In his review of Peter Watson’s The Age of Atheists, John L. Murphy provides an overview of the contents of the book, which turns out to be a brief overview of the history of Atheism and rationalism in late Western history. While a little verbose in places, Murphy presents a broad overview of shifting ideas and areas of focus from one group of humanist thinkers to another, all the way up to the present. He notes, “This quest for meaning may endure, parallel to or divergent from science. This search embraces a persistent appreciation that beyond facts hovers that which may forever suspend itself apart from our perception, no longer named God, still ineffable.” See the full article at:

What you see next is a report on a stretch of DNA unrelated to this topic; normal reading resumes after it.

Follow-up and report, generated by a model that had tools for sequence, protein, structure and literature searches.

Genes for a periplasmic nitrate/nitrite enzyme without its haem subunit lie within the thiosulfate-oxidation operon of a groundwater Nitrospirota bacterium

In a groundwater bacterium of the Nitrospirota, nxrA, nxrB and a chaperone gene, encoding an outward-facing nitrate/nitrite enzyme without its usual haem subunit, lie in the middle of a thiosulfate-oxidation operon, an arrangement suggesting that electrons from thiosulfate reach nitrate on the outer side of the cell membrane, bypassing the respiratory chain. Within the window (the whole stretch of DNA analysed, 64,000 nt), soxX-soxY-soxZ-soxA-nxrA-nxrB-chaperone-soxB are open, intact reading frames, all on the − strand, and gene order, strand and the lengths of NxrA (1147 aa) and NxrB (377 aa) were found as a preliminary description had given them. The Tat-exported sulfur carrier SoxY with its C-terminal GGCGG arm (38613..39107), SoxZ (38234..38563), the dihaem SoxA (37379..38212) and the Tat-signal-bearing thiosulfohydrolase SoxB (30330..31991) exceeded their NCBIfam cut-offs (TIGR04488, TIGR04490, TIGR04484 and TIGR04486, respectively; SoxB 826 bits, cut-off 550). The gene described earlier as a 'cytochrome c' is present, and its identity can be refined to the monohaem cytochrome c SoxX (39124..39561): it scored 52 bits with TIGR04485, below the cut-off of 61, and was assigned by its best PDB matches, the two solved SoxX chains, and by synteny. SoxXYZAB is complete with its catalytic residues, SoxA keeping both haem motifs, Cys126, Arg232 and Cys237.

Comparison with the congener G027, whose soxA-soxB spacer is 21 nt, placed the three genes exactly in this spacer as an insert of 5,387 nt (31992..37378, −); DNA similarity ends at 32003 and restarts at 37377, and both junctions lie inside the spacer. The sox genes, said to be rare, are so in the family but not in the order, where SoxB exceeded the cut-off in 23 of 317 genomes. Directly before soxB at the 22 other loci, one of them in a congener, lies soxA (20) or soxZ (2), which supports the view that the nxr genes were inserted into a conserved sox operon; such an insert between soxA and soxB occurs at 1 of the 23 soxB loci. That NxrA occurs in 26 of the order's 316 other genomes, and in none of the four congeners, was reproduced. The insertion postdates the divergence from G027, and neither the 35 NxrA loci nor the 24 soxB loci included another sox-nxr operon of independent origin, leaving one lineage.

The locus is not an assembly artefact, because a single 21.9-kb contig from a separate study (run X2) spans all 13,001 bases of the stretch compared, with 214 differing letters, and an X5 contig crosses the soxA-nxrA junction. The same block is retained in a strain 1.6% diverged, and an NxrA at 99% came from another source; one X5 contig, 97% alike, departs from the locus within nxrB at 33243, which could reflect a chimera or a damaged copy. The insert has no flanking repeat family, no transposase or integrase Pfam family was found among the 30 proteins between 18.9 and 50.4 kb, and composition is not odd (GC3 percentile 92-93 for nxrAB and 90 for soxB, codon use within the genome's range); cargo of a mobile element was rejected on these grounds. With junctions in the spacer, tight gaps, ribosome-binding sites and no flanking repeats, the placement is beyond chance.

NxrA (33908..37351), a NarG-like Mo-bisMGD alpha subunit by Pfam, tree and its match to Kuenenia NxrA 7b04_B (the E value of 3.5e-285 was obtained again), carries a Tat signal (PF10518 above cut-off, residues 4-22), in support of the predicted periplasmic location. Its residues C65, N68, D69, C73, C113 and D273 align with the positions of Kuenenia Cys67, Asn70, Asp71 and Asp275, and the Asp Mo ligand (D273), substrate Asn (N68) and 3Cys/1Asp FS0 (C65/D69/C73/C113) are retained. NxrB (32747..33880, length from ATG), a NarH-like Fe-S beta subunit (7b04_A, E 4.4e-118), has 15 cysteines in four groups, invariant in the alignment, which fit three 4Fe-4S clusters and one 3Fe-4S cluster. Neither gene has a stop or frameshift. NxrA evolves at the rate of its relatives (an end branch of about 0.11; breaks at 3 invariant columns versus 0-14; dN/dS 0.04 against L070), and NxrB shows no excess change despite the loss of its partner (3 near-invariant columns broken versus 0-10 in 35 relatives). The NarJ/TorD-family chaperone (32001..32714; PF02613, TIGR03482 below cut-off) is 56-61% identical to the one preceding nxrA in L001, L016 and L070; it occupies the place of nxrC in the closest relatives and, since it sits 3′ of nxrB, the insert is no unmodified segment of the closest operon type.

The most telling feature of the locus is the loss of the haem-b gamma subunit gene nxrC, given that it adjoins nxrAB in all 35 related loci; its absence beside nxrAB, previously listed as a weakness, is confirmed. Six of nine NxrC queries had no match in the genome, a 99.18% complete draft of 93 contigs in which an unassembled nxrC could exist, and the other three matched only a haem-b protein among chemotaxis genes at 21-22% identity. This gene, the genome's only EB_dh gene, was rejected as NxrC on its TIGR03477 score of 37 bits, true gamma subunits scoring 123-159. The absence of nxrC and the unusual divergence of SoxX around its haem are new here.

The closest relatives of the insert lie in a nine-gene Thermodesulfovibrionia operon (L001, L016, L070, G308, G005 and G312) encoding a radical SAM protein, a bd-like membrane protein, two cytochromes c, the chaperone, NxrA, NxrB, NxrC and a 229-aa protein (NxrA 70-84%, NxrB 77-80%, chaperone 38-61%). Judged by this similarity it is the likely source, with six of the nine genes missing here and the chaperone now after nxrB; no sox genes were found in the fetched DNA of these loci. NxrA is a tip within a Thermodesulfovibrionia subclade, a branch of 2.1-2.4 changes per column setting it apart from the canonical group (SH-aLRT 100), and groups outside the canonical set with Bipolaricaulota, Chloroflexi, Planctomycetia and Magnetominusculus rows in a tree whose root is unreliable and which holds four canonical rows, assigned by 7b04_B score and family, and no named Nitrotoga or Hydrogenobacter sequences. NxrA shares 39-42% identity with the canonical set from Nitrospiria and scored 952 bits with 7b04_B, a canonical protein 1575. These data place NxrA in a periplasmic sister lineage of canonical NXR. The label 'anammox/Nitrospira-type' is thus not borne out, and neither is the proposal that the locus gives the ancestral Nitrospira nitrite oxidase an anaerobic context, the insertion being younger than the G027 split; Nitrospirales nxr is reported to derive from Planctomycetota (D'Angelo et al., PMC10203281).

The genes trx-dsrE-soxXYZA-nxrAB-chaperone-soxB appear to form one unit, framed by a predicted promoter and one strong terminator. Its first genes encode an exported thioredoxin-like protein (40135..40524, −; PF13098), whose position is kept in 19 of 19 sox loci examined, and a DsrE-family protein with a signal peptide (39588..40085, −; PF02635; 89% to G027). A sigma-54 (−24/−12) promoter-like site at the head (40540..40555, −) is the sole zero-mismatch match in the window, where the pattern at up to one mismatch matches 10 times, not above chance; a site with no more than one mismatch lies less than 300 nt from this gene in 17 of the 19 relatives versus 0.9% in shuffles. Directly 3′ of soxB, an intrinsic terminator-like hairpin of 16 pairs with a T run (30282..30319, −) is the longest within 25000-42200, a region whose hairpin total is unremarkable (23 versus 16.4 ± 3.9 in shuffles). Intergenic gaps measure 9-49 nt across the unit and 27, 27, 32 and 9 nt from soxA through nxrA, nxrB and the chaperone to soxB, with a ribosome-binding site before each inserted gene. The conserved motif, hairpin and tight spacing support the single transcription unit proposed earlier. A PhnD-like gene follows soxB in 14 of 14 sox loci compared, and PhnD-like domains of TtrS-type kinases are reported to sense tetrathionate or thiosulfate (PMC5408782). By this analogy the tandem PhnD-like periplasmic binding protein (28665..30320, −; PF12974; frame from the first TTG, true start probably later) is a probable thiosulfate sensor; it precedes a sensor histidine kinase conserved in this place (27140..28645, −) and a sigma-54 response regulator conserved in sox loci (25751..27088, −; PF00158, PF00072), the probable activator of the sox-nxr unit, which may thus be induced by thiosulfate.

One of the most important parts of developing meaningful dialogue between Christians and Atheists is building understanding. Murphy gives us a window into history from a humanist perspective, and the excitement he has for the topic is clearly evident. For those who do not want to dig into a 500+ page historical overview of Western philosophy, Murphy’s explanation of the book’s contents provides several highlights, as well as some insights into the concerns and debates raised during the development of the humanist movement.